Drunken Woman Lettuce: This Italian heirloom has bright green and bronze-fringed leaves that grow wonderfully and taste great.

Jimmy Nardello Pepper: This elongated red pepper looks like a spicy variety, but don’t be fooled by its shape. This is the sweetest snacking pepper around. This incredible prolific variety is deep red when ripe, thin skinned and great for drying.

Choosing Seed Varieties

When choosing your seed varieties, be true to your roots. At Red Wing Farm, Trigg and Fielden have worked for years exclusively with heirloom and open-pollinated plants, varieties suitable for seed saving. It’s a great niche that sets their plant selection apart from what gardeners might find at big-box stores or even local nurseries—a smart choice in a smaller market. Also, more importantly, they are really committed to preserving seed genetics.

starts plants

Growing heirloom varieties connects the farmers to their customers, who often share stories of saving seeds, growing with their loved ones and honoring family who have passed. But it also plays a part in ensuring that we have food for generations to come.

Their favorite varieties are ones that are well-loved in Appalachia, where they grow and sell, and that grow well in the mountainous, clay soil of western North Carolina. This is a good place for any farmer to start: Grow seeds that thrive where you live.

Also consider that your customers’ needs are different than a farmer’s needs. Your plant customers are probably home gardeners, often with smaller plots or container gardens, lesser quality soil and perhaps less time for gardening. This is especially true for popular crops, such as tomatoes and peppers. Because varieties are region specific, spend time in the fall researching varieties that work well for growers in your area.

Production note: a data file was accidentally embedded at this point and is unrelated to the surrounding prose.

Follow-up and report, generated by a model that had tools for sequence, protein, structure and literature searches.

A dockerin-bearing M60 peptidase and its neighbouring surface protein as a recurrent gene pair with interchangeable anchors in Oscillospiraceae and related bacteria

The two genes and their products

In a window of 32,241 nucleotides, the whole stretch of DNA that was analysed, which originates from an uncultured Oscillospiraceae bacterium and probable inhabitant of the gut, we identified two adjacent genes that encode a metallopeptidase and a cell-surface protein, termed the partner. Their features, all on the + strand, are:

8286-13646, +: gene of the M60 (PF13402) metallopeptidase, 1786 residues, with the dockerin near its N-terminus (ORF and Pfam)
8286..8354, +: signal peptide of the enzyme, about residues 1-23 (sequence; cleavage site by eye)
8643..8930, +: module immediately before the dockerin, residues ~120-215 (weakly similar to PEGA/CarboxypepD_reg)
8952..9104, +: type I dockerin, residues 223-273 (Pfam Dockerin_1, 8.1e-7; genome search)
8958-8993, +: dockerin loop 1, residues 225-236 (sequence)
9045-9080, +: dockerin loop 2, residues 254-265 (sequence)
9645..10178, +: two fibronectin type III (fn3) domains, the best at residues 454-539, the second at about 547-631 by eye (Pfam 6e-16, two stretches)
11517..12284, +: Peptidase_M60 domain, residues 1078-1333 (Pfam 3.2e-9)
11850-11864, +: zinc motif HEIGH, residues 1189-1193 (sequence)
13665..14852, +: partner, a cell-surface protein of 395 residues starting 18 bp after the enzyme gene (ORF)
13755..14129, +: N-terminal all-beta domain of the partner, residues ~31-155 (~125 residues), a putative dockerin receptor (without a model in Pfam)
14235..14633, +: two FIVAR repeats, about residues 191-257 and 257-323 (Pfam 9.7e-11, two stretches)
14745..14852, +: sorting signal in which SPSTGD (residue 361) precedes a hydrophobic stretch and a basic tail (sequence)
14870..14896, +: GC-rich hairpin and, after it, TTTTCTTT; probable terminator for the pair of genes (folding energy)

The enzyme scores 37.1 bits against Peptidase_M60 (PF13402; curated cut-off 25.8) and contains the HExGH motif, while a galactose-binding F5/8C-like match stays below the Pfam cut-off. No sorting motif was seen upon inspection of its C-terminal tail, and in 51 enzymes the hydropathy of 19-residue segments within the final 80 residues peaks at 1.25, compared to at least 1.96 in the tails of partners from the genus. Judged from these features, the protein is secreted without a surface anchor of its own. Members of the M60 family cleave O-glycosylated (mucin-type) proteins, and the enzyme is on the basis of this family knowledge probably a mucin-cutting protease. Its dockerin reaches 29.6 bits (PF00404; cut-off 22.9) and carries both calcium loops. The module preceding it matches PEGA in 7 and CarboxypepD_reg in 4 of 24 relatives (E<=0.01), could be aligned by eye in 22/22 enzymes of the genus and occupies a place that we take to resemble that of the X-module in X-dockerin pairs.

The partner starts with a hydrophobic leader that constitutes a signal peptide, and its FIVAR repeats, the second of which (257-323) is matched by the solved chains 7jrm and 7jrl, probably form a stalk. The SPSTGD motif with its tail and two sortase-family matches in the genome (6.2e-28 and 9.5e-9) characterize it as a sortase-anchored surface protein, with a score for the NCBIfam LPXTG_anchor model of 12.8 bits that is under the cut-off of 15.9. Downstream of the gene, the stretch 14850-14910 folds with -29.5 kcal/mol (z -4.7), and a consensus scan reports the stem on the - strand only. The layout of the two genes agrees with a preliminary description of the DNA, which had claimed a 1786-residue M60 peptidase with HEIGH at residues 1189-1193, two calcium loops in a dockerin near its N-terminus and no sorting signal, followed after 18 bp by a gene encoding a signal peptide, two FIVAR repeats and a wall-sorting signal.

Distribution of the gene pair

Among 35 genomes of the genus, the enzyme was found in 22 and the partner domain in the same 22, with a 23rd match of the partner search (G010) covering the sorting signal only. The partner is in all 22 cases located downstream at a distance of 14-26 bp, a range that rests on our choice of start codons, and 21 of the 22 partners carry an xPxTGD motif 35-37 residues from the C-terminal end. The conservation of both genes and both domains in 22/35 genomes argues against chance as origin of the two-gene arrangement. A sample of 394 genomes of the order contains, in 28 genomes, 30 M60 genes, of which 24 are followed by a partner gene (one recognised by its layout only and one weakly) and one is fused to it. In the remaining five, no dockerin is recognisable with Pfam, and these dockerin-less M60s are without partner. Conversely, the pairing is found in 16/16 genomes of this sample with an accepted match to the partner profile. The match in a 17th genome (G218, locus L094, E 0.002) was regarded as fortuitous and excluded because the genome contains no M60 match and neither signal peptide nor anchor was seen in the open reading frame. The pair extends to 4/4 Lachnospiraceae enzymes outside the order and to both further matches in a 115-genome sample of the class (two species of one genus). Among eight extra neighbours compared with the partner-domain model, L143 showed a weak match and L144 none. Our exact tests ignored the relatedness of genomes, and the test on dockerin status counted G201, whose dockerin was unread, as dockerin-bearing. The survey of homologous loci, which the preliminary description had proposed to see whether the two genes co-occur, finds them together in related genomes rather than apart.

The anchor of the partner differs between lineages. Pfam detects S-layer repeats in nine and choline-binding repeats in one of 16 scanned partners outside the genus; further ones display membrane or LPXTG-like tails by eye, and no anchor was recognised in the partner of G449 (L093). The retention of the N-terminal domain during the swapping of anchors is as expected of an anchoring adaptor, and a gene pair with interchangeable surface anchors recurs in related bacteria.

Heirlooms are a great choice for all of these reasons. Above all, the varieties you choose should be:

  • • appropriate for your region
  • • hardy and tolerant
  • • easy to grow
  • • tasty

“Paul Robeson is a great, juicy, purple type tomato that we love introducing gardeners to,” Trigg says. “We also like finding sweet pepper varieties that work well for our climate; the Italian cone-shaped peppers are a lot easier for home gardeners than the bells. Watermelons and cucumbers sell really well, and even okra and celery have been surprise sleeper hits.”

Choose several varieties each, of best sellers such as tomatoes and herbs, so customers have many choices. With Red Wing Farm’s 36 tomato varieties, every customer can find one or more he or she looks forward to growing.

Growing plants from seeds isn’t just a way to earn more profit in the farming industry. It’s an essential part of life on Earth because humans cultivate the soil. Seeds hold our human history and ensure the health of generations to come. Farmers who start seeds for their customers play their role in their community’s food system.

“We love being part of the long chain of gardeners preserving and passing down treasured varieties, growing food and medicine and beautiful old-fashioned flowers,” Trigg says.

Fielden adds, “We love the excitement and energy of big plant sale events, interacting with all of the gardeners, sharing stories and building community around gardening.”

This story originally appeared in the January/February 2018 issue of Hobby Farms.